Unfortunately, a few guys later, I became involved with someone who was pretty good at hurting people. I didn't see it coming, because he was such a "good guy (blech)" and everyone loved him. It wasn't until I was pregnant when I saw the true colors. My broken tongue didn't go to well with a temper that could shake walls. It was a match made in hell and it sure didn't help my new communication style of hiding my face and remaining silent. Over and over again, there would be screaming and awful things, but I kept silent. Thankfully, I was eventually able to get brave enough to leave and I started off on my own. Broken but mending tongue and a baby in tow.
During this past year, I had a new boss who would have given Stalin something to be proud of. She hurled put downs and insults my way every chance she got. I've never really been one hundred percent sure as to her reasoning, but I wasn't the only target so I don't think about it too much anymore. There were a few times I felt like I could almost say something back, but then I'd have a hard time catching my breath and that darn tongue would stay were it was. I was also lucky enough to get to leave that job and took over my new position as a manager. Shortly there after, a bully of an employee blew up on me. My hands couldn't stop shaking, but I felt my tongue tingle. I was not going to let someone bully me ever again. I sat on my hands and calmly told her to knock it off. After that confrontation, I closed my door and leaned against the wall. I couldn't believe that I finally was able to have a voice again. It was weak, but it worked. Maybe it was that final phase I needed to get my tongue rehabbed and ready to stick up for something or somebody.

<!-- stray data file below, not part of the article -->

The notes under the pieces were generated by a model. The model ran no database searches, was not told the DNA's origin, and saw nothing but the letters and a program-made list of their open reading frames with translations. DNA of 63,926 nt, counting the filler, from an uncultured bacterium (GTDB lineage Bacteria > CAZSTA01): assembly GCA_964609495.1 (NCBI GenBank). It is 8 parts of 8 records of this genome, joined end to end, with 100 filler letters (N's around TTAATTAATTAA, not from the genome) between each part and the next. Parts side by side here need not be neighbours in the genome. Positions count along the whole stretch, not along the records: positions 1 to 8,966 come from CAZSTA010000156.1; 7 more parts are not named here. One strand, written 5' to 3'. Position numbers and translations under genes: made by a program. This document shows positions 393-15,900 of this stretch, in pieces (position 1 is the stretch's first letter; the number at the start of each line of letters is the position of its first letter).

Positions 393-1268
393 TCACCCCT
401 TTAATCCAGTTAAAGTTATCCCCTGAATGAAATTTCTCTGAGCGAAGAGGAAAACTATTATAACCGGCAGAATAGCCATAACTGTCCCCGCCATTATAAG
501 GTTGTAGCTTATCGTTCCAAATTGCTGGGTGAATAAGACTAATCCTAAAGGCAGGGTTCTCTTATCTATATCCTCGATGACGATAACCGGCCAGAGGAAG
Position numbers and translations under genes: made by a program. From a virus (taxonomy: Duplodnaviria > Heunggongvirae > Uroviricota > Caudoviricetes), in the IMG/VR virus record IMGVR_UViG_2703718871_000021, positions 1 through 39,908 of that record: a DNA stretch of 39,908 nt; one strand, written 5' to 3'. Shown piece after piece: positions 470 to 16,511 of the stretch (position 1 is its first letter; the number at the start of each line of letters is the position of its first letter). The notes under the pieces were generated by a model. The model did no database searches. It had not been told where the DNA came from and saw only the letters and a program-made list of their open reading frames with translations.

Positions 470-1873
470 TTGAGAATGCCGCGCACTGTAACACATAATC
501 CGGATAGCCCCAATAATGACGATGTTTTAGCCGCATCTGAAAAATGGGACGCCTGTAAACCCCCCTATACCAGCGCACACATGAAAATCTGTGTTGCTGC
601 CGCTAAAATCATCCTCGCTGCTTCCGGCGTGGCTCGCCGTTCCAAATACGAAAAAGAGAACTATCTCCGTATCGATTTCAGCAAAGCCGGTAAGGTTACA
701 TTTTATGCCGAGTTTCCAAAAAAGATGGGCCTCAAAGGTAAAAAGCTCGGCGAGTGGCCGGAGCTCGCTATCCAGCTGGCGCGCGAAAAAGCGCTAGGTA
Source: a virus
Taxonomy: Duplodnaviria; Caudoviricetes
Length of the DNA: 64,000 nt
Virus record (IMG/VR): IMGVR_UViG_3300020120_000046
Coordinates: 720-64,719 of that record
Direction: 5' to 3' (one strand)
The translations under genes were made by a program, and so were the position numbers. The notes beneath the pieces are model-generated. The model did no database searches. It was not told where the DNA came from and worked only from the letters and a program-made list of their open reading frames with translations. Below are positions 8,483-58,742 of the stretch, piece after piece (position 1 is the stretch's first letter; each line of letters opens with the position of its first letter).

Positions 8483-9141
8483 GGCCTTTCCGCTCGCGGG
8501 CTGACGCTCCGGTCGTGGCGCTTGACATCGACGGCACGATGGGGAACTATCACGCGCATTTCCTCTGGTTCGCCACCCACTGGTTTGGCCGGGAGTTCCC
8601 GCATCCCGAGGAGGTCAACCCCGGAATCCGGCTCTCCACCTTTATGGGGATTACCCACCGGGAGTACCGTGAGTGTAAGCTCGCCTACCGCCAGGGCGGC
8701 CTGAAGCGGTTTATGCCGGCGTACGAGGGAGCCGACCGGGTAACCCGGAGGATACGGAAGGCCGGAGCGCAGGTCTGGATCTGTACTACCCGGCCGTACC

These last few weeks, I've been in a weird spot. I kept thinking "maybe I'm angry" over a recent experience. It felt so odd, though. I don't get angry. Hurt, yes, but not angry. Never angry. I had given that up, six years ago. The more I thought about it, the more this strange feeling seemed to take up space in me. I've been thinking about it and it's occurred to me that maybe it's okay and safe again to get angry. When people do crappy things, I need to get angry. In fact, I'd say angry might need to take up a little place on one of my shelves just in case I need it sometime.
For better or worse, today for a very good reason, my tongue finally healed. For 90 seconds while I spewed the law, threats of going to the superintendent and the rights of a sick child, I finally put some of the past behind me. When that following hour was up, as I thought about all those times that I couldn't find my words and I found that there's an empty space now. It's odd to have a vacant spot feeling. I can't say vacant feels good. I'm not sure what to think about vacant. But tonight it occurs to me that I didn't realize that the nagging, annoying anger I felt these last few weeks, was a sign that things were getting better. Like when a scape starts itching as it heals, I think that anger was the final sign I was ready to use my tongue again.
So goodnight, Chicago. I promise to use my newly healed tongue only for the good of our city (that's what she said (okay I couldn't resist)). I think I'll start with an apology to that village idiot for implying that she was a village idiot...